Compensation of endothelin-1-induced coronary vasoconstriction.
ABSTRACT The vasodilator capacity of the coronaries was determined by the reactive hyperemia (RH) test in open-chest anesthetized dogs. The myocardial release of adenine nucleosides (adenosine and inosine) was measured by the HPLC-UV method. In group I (n = 9) after the control RH test, a bolus injection of endothelin-1 (ET-1; 1.0 nmol i.c.) was administered and was followed by a second RH test. In group II (n = 9), glibenclamide (GLIB) was infused continuously (1.0 mumol/min i.c.) and RH tests were performed during the control period and then before and after bolus injection of ET-1. In contrast to the significant reduction of the RH response after ET-1 in group I and after GLIB in group II, the nucleoside release into the coronary sinus during the first minute of the RH test was significantly higher (adenosine release 0.05 +/- 0.02 vs. 0.10 +/- 0.04 mumol, and 0.02 +/- 0.00 vs. 0.08 +/- 0.02 mumol; p < 0.05). Injection of ET-1 did not result in further RH reduction in GLIB-pretreated dogs (group II) but significantly increased nucleoside release. High doses of ET-1 activated the metabolic compensatory mechanisms of the myocardium and thereby increased the release of adenine nucleosides into the venous blood of the heart. However, whether these metabolites can exert any significant compensatory vasodilator effects appears doubtful.
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ABSTRACT: Secretion of endothelin-1 (ET-1) and activation of cardiac ATP-sensitive K+ (KATP) channels are facilitated under myocardial metabolic stress. The aim of this study was to investigate the effects of ET-1 on KATP channels and to assess underlying mechanisms in ventricular myocytes. Single channel currents were measured with the voltage-clamp technique in cell-attached patches from enzymatically-isolated single guinea pig ventricular myocytes. In some experiments, the open-cell-attached mode was employed by permeating the membrane with streptolysin-O. ET-1 concentration-dependently inhibited single KATP channel currents, which had been activated by metabolic poisoning, with an IC50 of 3.8 +/- 0.7 pM. BQ-123, an ETA receptor-selective antagonist, reduced the effects of ET-1. ET-1 effects were largely abolished in the myocytes pre-incubated with pertussis toxin. In the open-cell-attached mode, where the intracellular ATP concentration ([ATP]) could be virtually controlled, the effects of ET-1 were abolished. Muscarinic receptor stimulation inhibited the channels in a similar manner to ET-1, whereas beta-adrenoceptor stimulation accelerated channel activation. By analogy, ouabain also inhibited KATP channel activity under metabolic stress presumably because inhibition of the Na+/K+ pump spares subsarcolemmal ATP. ET-1 inhibited the KATP channels that had been reactivated in the continuous presence of ouabain. ET-1 reversibly inhibited KATP channels. This effect appears to be mediated by an increase in subsarcolemmal [ATP] which results from inhibition of adenylate cyclase activities through PTX-sensitive G-proteins coupled to ETA receptors.Cardiovascular Research 02/1997; 33(1):123-30. · 5.94 Impact Factor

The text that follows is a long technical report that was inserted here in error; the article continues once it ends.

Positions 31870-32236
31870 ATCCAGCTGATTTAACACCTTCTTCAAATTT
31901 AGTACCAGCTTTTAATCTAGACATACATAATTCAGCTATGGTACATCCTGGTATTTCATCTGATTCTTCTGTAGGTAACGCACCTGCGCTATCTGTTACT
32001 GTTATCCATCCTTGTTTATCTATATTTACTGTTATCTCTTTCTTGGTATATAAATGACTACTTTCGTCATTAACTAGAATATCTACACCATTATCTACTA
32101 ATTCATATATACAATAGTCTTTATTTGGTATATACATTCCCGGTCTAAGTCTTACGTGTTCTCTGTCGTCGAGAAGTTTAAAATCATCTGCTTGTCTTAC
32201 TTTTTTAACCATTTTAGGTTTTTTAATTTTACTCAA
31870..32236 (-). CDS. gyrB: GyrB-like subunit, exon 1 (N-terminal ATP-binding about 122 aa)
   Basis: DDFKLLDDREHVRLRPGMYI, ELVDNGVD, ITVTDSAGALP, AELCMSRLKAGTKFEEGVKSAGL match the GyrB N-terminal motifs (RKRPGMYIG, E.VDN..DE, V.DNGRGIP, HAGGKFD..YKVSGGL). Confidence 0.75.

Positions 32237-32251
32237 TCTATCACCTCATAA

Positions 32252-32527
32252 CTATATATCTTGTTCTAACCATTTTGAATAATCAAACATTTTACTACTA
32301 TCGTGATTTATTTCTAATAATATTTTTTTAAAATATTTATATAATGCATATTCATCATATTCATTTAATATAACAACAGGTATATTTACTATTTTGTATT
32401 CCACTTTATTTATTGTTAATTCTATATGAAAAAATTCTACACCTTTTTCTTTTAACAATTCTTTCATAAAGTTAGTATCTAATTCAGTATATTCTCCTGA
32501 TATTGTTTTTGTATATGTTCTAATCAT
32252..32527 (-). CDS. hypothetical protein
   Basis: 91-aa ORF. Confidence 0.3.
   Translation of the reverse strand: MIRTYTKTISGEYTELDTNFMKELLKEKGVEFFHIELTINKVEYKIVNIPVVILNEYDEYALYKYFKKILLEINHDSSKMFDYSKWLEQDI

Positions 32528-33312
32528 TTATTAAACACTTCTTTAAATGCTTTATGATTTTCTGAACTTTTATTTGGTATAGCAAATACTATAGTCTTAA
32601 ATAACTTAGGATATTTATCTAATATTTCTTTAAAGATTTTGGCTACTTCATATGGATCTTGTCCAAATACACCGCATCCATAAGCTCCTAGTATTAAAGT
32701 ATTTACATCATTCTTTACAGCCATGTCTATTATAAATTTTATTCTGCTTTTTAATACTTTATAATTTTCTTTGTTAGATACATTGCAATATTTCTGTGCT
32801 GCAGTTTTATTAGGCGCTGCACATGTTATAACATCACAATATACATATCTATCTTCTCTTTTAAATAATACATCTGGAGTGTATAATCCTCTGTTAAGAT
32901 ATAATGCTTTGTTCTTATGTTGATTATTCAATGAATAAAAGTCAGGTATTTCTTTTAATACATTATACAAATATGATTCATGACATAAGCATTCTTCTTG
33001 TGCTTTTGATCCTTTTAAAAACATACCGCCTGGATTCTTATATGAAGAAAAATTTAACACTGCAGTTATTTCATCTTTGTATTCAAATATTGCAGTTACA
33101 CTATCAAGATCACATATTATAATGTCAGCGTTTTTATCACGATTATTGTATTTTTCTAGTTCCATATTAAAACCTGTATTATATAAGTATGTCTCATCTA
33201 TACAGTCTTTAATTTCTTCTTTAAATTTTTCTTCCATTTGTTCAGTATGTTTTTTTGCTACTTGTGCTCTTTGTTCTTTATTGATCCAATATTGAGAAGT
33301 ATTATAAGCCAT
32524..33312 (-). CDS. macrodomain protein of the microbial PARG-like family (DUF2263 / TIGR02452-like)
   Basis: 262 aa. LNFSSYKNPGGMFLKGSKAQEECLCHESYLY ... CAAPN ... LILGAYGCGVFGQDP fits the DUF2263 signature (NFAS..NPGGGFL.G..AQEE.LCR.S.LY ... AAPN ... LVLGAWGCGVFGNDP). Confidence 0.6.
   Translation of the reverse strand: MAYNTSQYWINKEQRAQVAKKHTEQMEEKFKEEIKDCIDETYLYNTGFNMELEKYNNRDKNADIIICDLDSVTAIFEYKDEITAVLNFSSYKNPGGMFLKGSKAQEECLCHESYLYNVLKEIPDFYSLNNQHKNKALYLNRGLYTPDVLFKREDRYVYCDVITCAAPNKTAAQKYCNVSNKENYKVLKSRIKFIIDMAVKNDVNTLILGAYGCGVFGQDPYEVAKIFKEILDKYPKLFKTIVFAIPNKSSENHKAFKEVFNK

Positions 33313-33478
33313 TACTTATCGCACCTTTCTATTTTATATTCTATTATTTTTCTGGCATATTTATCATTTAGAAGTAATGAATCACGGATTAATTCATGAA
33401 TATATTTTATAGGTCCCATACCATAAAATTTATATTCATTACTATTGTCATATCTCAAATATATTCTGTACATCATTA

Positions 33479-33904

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ABSTRACT: Previous studies have demonstrated that high concentrations of adenosine interact with both a cell surface receptor and with an intracellular site to evoke relaxation of the guinea-pig aorta. The intracellular action of adenosine was investigated in the present study. The purine sensitive 'P-site' did not appear to be involved since other P-site agonists did not consistently evoke relaxation. A major interaction with intracellular S-adenosylhomocysteine hydrolase also appeared unlikely since 1-homocysteine had only minor effects on adenosine-evoked responses. Inhibition of adenosine deaminase attenuated responses evoked by high concentrations of adenosine. The deaminated metabolite of adenosine, inosine, also evoked aortic relaxation. These responses were mediated solely via an intracellular site since they were blocked by an inhibitor of nucleoside-facilitated diffusion but were unaffected by an adenosine receptor antagonist. These results indicate that a major part of the intracellular effect of adenosine is mediated by its deaminated metabolite inosine.European Journal of Pharmacology 03/1986; 121(1):141-5. · 2.59 Impact Factor
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ABSTRACT: The function of the heart depends critically on an adequate oxygen supply through the coronary arteries. Coronary arteries dilate when the intravascular oxygen tension decreases. Hypoxic vasodilation in isolated, perfused guinea pig hearts can be prevented by glibenclamide, a blocker of adenosine triphosphate (ATP)-sensitive potassium channels, and can be mimicked by cromakalim, which opens ATP-sensitive potassium channels. Opening of potassium channels in coronary smooth muscle cells and the subsequent drop in intracellular calcium is probably the major cause of hypoxic and ischemic vasodilation in the mammalian heart.Science 04/1990; 247(4948):1341-4. · 31.03 Impact Factor